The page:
I welcome the opportunity to address the House on behalf of the Minister, Deputy Harris, regarding the ambulance service in Leitrim. The national ambulance service operates from two locations in Leitrim, namely Carrick-on-Shannon and Manorhamilton. However, services in Leitrim are not exclusively provided by staff based at these Leitrim stations. This is because the national ambulance service is increasingly moving to a policy of dynamic deployment. This ensures that vehicles are strategically located where they are most likely to be required, rather than located at a particular station. In line with this policy, and using the advanced medical priority dispatch system to triage calls, Leitrim is supported by other national ambulance service ambulance bases in Boyle, Sligo, Loughglynn, Cavan, Roscommon and Longford. Several developments have been made by the national ambulance service in order to address the issue of response times and ambulance cover in Leitrim.

I know too that in Border counties the national ambulance service works closely with the Northern Ireland Ambulance Service in order to provide a more responsive service for patients.

The capacity review, published in 2016, identifies particular difficulties serving rural areas such as Leitrim. The capacity review indicated that the only practical way to improve first response times in rural areas is through voluntary community first responder, CFR, schemes. The national ambulance service continues to work with local CFR groups across the region to enhance services.

The national ambulance service has undergone a very significant process of modernisation in recent years and there have been important service innovations and developments. This ambulance reform programme is taking place against the backdrop of the HIQA review of ambulance services, which was published in late 2014, and the national ambulance service capacity review.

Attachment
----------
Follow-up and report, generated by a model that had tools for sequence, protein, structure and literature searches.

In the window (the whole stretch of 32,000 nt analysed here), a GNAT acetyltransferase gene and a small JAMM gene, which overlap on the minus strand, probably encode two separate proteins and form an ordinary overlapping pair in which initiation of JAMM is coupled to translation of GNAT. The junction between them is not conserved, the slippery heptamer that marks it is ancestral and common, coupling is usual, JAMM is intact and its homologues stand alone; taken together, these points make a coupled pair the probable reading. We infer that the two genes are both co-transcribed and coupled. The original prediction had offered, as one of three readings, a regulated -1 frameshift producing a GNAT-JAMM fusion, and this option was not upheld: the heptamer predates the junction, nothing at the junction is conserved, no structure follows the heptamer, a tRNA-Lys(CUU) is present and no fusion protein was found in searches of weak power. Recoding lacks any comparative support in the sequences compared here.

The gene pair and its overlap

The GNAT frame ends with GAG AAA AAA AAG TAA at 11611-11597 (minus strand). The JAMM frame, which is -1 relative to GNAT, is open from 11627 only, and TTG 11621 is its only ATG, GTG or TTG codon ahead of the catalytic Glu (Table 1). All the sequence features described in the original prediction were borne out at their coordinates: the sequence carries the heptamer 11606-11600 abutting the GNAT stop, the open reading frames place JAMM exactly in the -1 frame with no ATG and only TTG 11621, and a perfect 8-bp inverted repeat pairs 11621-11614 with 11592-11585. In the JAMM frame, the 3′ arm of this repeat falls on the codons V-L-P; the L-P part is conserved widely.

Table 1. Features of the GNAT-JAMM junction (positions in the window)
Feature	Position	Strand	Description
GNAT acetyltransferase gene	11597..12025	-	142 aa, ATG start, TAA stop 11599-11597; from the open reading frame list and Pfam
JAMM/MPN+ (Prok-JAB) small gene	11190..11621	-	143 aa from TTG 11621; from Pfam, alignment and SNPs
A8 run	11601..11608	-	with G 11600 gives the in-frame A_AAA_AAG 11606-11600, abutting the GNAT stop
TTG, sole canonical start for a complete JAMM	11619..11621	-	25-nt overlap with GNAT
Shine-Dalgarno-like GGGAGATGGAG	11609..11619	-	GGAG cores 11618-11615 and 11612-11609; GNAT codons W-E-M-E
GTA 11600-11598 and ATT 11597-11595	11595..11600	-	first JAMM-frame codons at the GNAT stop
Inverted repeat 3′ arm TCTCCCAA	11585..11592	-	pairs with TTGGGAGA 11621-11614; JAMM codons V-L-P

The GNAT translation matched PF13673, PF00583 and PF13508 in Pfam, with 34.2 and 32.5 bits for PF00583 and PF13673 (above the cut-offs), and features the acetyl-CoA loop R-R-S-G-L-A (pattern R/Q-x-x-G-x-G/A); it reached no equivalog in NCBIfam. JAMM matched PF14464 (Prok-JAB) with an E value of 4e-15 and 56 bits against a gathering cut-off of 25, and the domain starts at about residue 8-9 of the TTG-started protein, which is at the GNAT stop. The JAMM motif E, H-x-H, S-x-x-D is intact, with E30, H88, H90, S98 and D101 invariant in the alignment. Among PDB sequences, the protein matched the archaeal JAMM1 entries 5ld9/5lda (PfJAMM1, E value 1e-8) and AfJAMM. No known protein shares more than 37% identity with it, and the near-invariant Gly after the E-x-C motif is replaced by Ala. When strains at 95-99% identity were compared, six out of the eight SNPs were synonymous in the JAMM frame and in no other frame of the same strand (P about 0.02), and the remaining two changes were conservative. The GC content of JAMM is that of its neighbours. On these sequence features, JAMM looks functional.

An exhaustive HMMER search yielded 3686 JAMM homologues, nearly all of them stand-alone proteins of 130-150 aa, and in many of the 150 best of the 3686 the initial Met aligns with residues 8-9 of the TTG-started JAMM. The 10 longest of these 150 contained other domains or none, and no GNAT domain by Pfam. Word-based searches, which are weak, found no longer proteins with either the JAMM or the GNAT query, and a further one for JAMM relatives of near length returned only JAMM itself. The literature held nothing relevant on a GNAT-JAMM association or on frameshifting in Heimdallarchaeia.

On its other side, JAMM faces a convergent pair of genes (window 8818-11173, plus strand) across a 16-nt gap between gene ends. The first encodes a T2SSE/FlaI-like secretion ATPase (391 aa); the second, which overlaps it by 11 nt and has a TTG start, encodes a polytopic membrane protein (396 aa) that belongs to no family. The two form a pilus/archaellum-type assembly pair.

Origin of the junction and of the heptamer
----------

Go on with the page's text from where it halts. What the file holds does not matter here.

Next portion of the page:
The National Emergency Operations Centre has been established, where emergency calls are received and emergency resources are dispatched. The national ambulance service has visibility of all available paramedic resources and vehicles in real time, ensuring that the closest available resource is dispatched to an emergency. In addition, the national ambulance service has developed the intermediate care service to provide lower acuity hospital transfers, which frees up emergency ambulances for the more urgent calls.

A permanent emergency aeromedical support service has also been established to provide a more timely response to persons in rural communities.

During recent years additional investment has been directed towards the national ambulance service. This year, an additional sum of €10.7 million has been made available, which includes €2.75 million to fund new developments. New developments include the development of alternative pathways to care with the Hear and Treat clinical hub that went live in the national emergency operations centre in March of this year. This diverts some lower acuity patients to alternative care pathways and frees up some emergency capacity. It is anticipated that such initiatives will help to improve response times around the country, including in the Leitrim area. I will come back to the Deputy on other issues he raised.

I thank the Minister of State for her reply and I have a few queries on foot of it. A capacity review into the national ambulance service was conducted in 2015 and its findings were released in 2016. It found that in order for the service to meet strict HIQA standards, additional staff needed to be hired. Can the Minister of State identify the Government's efforts in that regard and indicate the progress that has been made to date in providing new staff and ambulances for the service? I note the capacity review outlined the case for working with community first responders in rural areas in County Leitrim. They are generally the local GPs who are under considerable pressure, working in large rural areas on their own and they have very busy surgeries without adequate back-up and support. What efforts are in hand to improve matters?

I ask the Minister of State to come to Leitrim to meet the local doctors to hear at first hand their genuine fears for their patients, namely, the prospect that they face the worst outcome as a result of longer than acceptable response times.